There are few, if any, modern folk singers whose discographies and impact on popular music can rival that of Buffy Sainte-Marie. Although she is not as much of a household name as other folk legends such as Bob Dylan or Neil Young, the mark that she has left on the world is arguably just as significant.
Born in 1941 on the Piapot 75 reserve in Saskatchewan, Canada, Sainte-Marie is a Cree artist who has been releasing music for over 50 years. Her 17 albums, released from 1964 to 2017, incorporate genres including country, folk and experimental rock, and cover topics ranging from the treatment of Indigenous people in North America to love, religion and war.
Sainte-Marie began her career in the 1960s, performing on reservations across Canada and the United States, as well as at folk venues in Toronto and New York City. It was during her stay in Greenwich Village that she got involved in America’s early-60s folk scene, becoming acquainted with fellow Canadian artists Joni Mitchell and Leonard Cohen. During this time, she also wrote the songs that would comprise her debut album “It’s My Way!” which was released in 1964. Although “It’s My Way!” never charted or became well-known in mainstream American culture, it proved to be incredibly influential in the folk community and its impact reverberated throughout the entire nation in a more indirect way.
The album opens with the song “Now That The Buffalo’s Gone,” a striking criticism of American settler colonialism and a call to action for the American people. The song’s title refers to the genocidal American policy of killing buffalo as a way to eliminate Native food sources. In the song, Sainte-Marie sings to an anonymous “dear lady” and “dear man,” asking them “if a change has come about … or are you still taking our lands?” Later, she contrasts the treatment of Indigenous nations in North America with the condition of post-war Germans, who were able to keep “their pride and their land.” This song also holds special significance in the American Indian Movement of the 1970s—the radio station that broadcasted from occupied Alcatraz Island in 1970 would play the song at the beginning of every episode.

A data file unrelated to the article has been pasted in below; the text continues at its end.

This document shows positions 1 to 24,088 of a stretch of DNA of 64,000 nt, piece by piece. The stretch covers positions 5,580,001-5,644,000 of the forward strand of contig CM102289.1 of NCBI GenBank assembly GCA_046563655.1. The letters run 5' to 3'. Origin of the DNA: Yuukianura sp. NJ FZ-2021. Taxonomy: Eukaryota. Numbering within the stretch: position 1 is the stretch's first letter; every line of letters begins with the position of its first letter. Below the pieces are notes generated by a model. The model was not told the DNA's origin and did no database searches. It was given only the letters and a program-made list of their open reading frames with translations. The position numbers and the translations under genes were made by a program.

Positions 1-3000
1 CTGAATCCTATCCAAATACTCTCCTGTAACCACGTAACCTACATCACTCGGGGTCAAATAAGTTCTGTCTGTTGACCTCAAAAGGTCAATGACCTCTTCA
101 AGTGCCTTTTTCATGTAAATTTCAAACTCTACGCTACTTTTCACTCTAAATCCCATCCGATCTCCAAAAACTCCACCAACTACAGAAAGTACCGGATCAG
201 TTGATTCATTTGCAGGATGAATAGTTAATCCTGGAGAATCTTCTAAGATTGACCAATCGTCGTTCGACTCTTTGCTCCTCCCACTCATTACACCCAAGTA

Multiple other songs on “It’s My Way!” gained acclaim in the public consciousness. Her song “Universal Soldier” became a hit after massively successful covers by Donovan and Glen Campbell. Later, its portrayal of the senseless brutality of war would cause it to become an anthem at Vietnam War protests. The song “Cod’ine” was also covered by Janis Joplin. Unfortunately, the material success of these covers often far outshadowed Sainte-Marie’s original versions, a fact that points towards an insidious type of anti-Native racism in American music.
It is also likely that the provocative political content of her music played a major role in Sainte-Marie’s comparative lack of fame to many of her world-renowned contemporaries. In fact, there is clear evidence of active government efforts to keep her music off the airwaves. In a 1999 interview, Sainte-Marie said “I found out in the 1980s that President Lyndon B. Johnson had been writing letters on White House stationary praising radio stations for suppressing my music.”
This black-listing effort, also perpetrated by Richard Nixon and the FBI, had a tremendous impact on Sainte-Marie’s success in the United States. It was also likely tied to the FBI’s general efforts to violently suppress protest movements in the 1970s through COINTELPRO, whose strategies included heavy surveillance and even assassination of people such as Fred Hampton, deputy chairman of the Illinois chapter of the Black Panther Party.
It is no secret that the U.S. government and media has spent years trying to silence resistance to settler colonialism. It is our responsibility, whether we are Native or not, to counter this effort by spreading Indigenous art and stories that remind the world that “Indians still exist,” in Buffy Sainte-Marie’s words. We can also show solidarity with current land and water protectors such as the Wet’suwet’en in northwestern Canada, who are currently protecting their unceded land from invasion by a Coastal GasLink pipeline and the Royal Canadian Mounted Police. When the mainstream media refuses to amplify marginalized voices, it is the responsibility of ordinary citizens to do so.